The Pleasure is to Play
Article by Liz Karter
What a sad start to January. We have lost two truly wonderful performers from within the world of music; Lemmy the fast living, pleasure loving, whisky soaked lead singer of the rock band Motorhead, and of course, everybody’s Starman; the enigmatic, extraordinary, master of changes, David Bowie.
When Lemmy and then Bowie died national news and social media was dominated by their demise. Each conversation seemed to start with an expression of sadness and shock at their passing and mature, rational adults from all walks of life confessed to crying as they would at the bereavement of a friend or family member. We are truly shaken at the loss, but are sometimes struggling to articulate exactly what it is that we feel we have lost.
In one sense, albeit subconsciously, I wonder if we feel we have lost a part of ourselves – the part of ourselves which we would love to be able to freely access and fully express, if only we dared to do so. Both of these artists were men who lived lives which they felt were true for them, even it meant taking the risk of the disproval of others. They were not only excellent entertainers but essentially ground breakers and risk takers. They lived life loud and colourful. Ask anyone to name a Motorhead track and if I were a betting woman I would put my money on the fact that they would name the rocking and unashamedly reckless, “The Ace of Spades” the opening lyrics:
“If you like to gamble, I tell you I’m your man
You win some, lose some, it’s all the same to me
The pleasure is to play, makes no difference what you say”
“It makes no difference what you say “– to live life by these words requires being truly courageous. The song lyrics of course could been taken literally to be about gambling , but are also a reflection on living an authentic life, where we are open to risk and a full range of experience. We all secretly desire at times to take the risk of living life by our own rules, be it to take off to the countryside and go self- sufficient or start our own business. But for most of us the lives which we have been slotted into, or created for ourselves because we were told that was what life should look like for ‘normal’ people, mean that it matters very much indeed whether we “win some, lose some” because it’s not all the same to the bank manager whether we pay our mortgage this month.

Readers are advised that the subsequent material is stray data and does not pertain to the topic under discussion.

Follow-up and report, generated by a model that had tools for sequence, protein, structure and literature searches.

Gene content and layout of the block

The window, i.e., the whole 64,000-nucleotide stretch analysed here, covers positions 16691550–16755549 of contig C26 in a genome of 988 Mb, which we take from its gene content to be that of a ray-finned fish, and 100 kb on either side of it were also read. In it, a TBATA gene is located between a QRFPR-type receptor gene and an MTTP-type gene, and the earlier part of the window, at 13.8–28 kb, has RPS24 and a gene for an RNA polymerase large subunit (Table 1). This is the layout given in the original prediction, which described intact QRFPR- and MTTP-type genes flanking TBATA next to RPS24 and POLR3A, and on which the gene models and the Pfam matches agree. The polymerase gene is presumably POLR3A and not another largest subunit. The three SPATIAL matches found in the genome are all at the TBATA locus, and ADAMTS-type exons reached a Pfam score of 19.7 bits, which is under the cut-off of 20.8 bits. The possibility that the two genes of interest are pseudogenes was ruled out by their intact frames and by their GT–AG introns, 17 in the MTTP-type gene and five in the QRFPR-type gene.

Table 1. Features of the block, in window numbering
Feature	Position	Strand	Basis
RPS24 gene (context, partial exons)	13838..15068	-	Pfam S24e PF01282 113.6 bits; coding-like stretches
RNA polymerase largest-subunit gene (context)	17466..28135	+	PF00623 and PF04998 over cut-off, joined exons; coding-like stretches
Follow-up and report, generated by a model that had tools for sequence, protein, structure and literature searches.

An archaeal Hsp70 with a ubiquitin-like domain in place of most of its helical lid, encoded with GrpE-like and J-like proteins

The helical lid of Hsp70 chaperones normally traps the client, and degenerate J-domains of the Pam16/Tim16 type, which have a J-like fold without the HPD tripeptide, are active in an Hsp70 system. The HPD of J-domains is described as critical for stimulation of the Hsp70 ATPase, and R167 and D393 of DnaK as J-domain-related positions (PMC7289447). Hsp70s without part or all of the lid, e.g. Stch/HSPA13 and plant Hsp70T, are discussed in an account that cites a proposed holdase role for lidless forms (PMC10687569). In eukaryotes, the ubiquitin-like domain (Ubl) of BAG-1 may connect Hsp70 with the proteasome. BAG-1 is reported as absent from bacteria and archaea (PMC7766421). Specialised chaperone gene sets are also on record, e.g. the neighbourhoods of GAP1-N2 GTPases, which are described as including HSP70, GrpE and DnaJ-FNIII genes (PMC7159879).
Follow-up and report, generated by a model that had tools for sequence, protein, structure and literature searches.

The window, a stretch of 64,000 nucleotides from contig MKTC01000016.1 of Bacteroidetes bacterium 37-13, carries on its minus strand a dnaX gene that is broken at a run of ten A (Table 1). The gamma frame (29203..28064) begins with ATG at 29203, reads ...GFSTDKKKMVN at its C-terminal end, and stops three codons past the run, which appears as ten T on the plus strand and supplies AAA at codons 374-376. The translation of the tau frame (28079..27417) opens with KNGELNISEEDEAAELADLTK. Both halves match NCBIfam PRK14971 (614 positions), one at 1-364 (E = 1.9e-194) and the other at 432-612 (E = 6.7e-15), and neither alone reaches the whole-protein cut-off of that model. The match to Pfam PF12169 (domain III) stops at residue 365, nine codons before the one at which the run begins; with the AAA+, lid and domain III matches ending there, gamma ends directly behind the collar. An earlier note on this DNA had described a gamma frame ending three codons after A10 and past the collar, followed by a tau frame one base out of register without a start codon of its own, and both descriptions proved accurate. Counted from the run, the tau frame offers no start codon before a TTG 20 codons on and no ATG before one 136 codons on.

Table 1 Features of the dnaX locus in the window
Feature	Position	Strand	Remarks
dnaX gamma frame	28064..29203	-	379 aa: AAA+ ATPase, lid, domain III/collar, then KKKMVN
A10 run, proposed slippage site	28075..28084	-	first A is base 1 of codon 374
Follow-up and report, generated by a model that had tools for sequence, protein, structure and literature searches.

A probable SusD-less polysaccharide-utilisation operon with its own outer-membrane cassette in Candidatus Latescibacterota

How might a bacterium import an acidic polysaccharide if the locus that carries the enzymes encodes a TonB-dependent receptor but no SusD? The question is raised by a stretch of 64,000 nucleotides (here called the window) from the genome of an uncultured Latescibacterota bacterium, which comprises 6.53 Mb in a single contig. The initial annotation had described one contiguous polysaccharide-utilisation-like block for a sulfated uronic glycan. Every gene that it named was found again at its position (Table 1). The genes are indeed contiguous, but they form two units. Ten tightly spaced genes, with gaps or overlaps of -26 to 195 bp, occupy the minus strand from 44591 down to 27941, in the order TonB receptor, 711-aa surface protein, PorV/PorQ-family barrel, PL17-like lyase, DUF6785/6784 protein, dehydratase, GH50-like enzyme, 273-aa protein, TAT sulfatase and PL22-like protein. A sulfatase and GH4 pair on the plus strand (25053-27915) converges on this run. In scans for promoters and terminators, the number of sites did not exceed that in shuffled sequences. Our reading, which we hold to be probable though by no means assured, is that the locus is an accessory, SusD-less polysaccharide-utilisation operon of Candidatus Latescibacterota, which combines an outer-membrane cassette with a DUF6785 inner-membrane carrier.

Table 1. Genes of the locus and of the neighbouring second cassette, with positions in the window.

We feel too, that what others within our peer group say does make a huge difference. Frequently, we find it safer to stay with the flock and stick to society’s idea of what is the right thing to do because of basic instincts. We are group animals and fear not only ridicule, financial failure and loss of status were we to take the gamble of living a life more true to ourselves, but on a deeper, unconscious, instinctive level we fear rejection and abandonment by our friends and family. Taking the risks of breaking away from the social norms therefore goes against our animal instincts, which worryingly whisper to us that for our very survival we need the acceptance of the social group.
So, it feels safer to put on the suit and keep turning up at the office. No Ziggy Stardust style make up for us today then…
What happens though to the risk taking gambling man (or woman) inside of us? We live that part of ourselves through the likes of our heroes, such as Lemmy and Bowie. Through them we live out that risk taking part of ourselves which we packed away on leaving our teenage years and taking on responsibilities that meant we needed to limit risk. And, when our heroes die we feel the pain of loss not just of music legends but of a part of ourselves. The part of us that lived through them because we did not dare take the risk of rebellion feels like it died along with them.
The pleasure is indeed to play as Lemmy’s song thrashes and crash home to us. It is great to have a stable and secureframework for life, supportive partners and sound financial plans; all these things are essential to a life of contentment rather than chaos. But so too is having a little risk and spontaneity in life and having little air pockets where we feel we can be our authentic self. It can make the difference between our existing and feeling truly alive. I have found one of the biggest contributory factors to addiction of any kind is suppressing our true nature, which leads then to our feeling depressed, which leads to our engaging in reckless behaviour, such as drug, alcohol, sex and gambling addiction for the buzz, and as a compensation for our life feeling it is about all work and no play.
Identifying that within us lives on a little of the eccentricity and extraordinary personality style of Bowie, and the desire to rock life with the odd risk like Lemmy, is a good thing. Being conscious of this means that we can get into action with making space and time to indulge this part of ourselves- after all those having fun at the casino or placing a bet are doing just that and for the majority a remains a healthy risk worth taking. Having satisfied this natural need for risk we are content to go back to our more conventional lives restored, inspired and feeling alive, because, whatever form it may take for us, the pleasure really is to play.